Johnson Opposes More Economic Stimulus Funding
Won’t back “even a dime more” until issues with past funding fixed, Republican Senator says.
U.S. Sen. Ron Johnson would oppose spending “even a dime more” to stimulate the economy amid the COVID-19 pandemic until what he says are problems with previous bills are fixed and unspent funds are disbursed, he said Tuesday on WPR’s “The Morning Show.”
The pandemic has caused economic devastation and driven the country into a recession. An emergency measure that boosted federal unemployment payments by $600 per week will expire at the end of the month. Congress is the midst of a debate about whether those benefits should be extended, and what other economic response is needed as the pandemic worsens in most of the country, including in Wisconsin.
Johnson, who voted in favor of earlier stimulus measures, said the response should have been more targeted.
Normally, unemployment benefits do not cover the full amount that workers had received when they were employed. But because the conditions of the pandemic necessitated keeping people at home, Congress added the $600 bonus to unemployment benefits in order to, on average, bring the total up to 100 percent of workers’ former earnings. The idea was that, since having millions of laid-off workers seeking new employment would worsen the pandemic, ensuring that unemployment didn’t mean a pay cut would help more people stay home and lessen the spread of the virus.
According to researchers at Columbia University, the measures passed by Congress kept millions out of poverty. They calculated that the nation’s poverty rate, which rose from 12.5 percent to 12.7 percent this year, would have reached 16.3 percent without the federal response.
For many low-wage workers, the $600 bonus actually meant an increase in their take-home pay, even as they were no longer working.
Johnson called that a “perverse disincentive to return to the workplace, which is what we need people to do, as much as possible, as safely as possible.”
Johnson said he believes unemployment insurance should cover no more than two-thirds of people’s average weekly earnings.
Until that happens, he said, “I would not be in favor of authorizing even a dime more.”
Johnson said he takes the threat of COVID-19 seriously, but restated his view that economic shutdowns in the early weeks of the crisis were too broad, and opposed broad shutdowns going forward. He’s taken the position that it would be “crazy” not to reopen schools in the fall and said the nation “overreacted” to the virus. He’s also said it’s important for Americans to wear masks to protect against spreading the disease, and has said Wisconsin should consider new restrictions on bars.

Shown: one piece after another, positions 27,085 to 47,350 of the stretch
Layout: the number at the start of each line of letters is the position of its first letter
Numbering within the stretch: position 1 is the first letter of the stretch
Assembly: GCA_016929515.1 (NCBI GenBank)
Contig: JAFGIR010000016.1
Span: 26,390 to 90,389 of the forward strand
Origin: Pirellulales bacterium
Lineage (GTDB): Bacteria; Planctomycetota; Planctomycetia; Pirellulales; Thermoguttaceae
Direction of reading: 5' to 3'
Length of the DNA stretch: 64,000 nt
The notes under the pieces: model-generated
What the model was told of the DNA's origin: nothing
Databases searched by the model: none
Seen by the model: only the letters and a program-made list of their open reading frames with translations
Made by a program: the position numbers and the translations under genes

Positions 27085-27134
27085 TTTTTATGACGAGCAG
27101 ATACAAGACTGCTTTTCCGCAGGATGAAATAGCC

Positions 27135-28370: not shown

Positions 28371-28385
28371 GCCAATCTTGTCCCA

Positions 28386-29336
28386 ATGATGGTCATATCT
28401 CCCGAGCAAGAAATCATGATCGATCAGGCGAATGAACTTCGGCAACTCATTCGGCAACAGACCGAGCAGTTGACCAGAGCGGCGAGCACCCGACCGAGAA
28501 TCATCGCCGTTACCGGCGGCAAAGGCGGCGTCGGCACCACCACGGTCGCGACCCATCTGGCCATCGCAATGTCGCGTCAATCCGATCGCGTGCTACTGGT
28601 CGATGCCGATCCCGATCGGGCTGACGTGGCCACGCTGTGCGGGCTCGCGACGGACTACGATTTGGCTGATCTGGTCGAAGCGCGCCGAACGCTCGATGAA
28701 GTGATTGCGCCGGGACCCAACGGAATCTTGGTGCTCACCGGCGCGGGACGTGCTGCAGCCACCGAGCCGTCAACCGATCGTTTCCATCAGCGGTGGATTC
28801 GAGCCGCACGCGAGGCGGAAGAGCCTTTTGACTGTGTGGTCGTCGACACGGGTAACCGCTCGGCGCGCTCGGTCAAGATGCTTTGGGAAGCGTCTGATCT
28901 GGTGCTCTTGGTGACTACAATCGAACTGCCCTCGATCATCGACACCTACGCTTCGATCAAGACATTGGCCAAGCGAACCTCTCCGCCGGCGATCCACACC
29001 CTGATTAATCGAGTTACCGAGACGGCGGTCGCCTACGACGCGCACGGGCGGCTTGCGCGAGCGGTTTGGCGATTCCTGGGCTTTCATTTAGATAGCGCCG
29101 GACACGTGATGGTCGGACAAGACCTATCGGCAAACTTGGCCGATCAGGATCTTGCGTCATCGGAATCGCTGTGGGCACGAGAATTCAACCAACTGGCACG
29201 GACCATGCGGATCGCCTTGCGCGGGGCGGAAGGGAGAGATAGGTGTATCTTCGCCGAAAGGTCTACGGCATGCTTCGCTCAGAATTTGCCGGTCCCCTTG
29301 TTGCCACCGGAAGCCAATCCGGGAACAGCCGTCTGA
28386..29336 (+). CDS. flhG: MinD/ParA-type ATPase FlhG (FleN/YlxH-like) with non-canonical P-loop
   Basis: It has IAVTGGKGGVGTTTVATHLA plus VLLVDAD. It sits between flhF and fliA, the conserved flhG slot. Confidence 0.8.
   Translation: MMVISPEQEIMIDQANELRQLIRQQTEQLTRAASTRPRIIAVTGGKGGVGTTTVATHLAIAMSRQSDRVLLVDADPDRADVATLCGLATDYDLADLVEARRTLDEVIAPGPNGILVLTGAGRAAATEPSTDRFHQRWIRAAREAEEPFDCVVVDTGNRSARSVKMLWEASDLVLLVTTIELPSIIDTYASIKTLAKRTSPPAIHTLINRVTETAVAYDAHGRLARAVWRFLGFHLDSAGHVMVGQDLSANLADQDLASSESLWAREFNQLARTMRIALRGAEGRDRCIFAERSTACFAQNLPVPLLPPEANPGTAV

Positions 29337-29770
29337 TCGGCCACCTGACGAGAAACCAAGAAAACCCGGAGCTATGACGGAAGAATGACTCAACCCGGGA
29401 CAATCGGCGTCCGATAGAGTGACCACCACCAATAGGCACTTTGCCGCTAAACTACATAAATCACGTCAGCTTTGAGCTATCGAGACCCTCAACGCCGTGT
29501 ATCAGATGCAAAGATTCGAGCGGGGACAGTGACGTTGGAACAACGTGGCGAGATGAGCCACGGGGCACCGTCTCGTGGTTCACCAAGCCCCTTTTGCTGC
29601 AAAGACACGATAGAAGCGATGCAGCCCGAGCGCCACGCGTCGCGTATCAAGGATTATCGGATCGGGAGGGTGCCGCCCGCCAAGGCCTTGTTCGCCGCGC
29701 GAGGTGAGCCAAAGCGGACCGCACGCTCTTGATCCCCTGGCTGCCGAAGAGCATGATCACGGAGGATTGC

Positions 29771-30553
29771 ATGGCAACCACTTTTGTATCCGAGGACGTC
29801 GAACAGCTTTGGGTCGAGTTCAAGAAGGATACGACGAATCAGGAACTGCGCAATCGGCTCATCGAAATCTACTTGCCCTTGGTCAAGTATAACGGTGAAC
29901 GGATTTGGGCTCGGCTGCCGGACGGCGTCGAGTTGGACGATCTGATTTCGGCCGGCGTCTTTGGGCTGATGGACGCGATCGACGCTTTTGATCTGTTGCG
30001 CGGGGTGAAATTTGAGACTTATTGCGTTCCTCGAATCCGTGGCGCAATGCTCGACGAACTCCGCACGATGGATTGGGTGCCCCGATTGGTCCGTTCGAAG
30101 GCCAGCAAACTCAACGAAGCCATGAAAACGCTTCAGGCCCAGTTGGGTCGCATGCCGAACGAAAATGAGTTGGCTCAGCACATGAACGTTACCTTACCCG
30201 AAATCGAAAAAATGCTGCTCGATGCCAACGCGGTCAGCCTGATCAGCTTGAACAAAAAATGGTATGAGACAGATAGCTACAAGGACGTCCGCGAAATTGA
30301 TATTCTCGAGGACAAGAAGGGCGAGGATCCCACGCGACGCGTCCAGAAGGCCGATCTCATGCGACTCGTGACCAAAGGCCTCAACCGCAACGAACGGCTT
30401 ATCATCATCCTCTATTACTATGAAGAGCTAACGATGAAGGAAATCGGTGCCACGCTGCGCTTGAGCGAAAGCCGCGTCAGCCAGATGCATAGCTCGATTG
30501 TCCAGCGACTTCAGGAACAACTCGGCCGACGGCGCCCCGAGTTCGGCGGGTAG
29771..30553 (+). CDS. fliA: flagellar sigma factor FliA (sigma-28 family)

“I was roundly criticized early on when I made the analogy, which I still think is quite good, that even though we tragically lose 36,000 people a year on the highways, we don’t shut our highway system down,” Johnson said. “We’re going to have to learn to live with COVID-19. There’s no guarantee that we’re going to have a vaccine. We have to recognize the human toll of the economic devastation as well. We have to put these things in perspective.”
Johnson Opposes ‘Even A Dime More’ In Economic Stimulus Until Issues Addressed was originally published by Wisconsin Public Radio.
If you think stories like this are important, become a member of Urban Milwaukee and help support real, independent journalism. Plus you get some cool added benefits.
- Milwaukee County Announces New Policies Related to COVID-19 Pandemic - County Executive David Crowley - May 9th, 2023
- DHS Details End of Emergency COVID-19 Response - Wisconsin Department of Health Services - Apr 26th, 2023
- Milwaukee Health Department Announces Upcoming Changes to COVID-19 Services - City of Milwaukee Health Department - Mar 17th, 2023
- Fitzgerald Applauds Passage of COVID-19 Origin Act - U.S. Rep Scott Fitzgerald - Mar 10th, 2023
- DHS Expands Free COVID-19 Testing Program - Wisconsin Department of Health Services - Feb 10th, 2023
- MKE County: COVID-19 Hospitalizations Rising - Graham Kilmer - Jan 16th, 2023
- Not Enough Getting Bivalent Booster Shots, State Health Officials Warn - Gaby Vinick - Dec 26th, 2022
- Nearly All Wisconsinites Age 6 Months and Older Now Eligible for Updated COVID-19 Vaccine - Wisconsin Department of Health Services - Dec 15th, 2022
- City of Milwaukee Bi-Weekly COVID-19 Update - City of Milwaukee Health Department - Dec 9th, 2022
- MKE County: COVID-19 Disease Burden Remains Stable - Graham Kilmer - Nov 25th, 2022
Read more about Coronavirus Pandemic here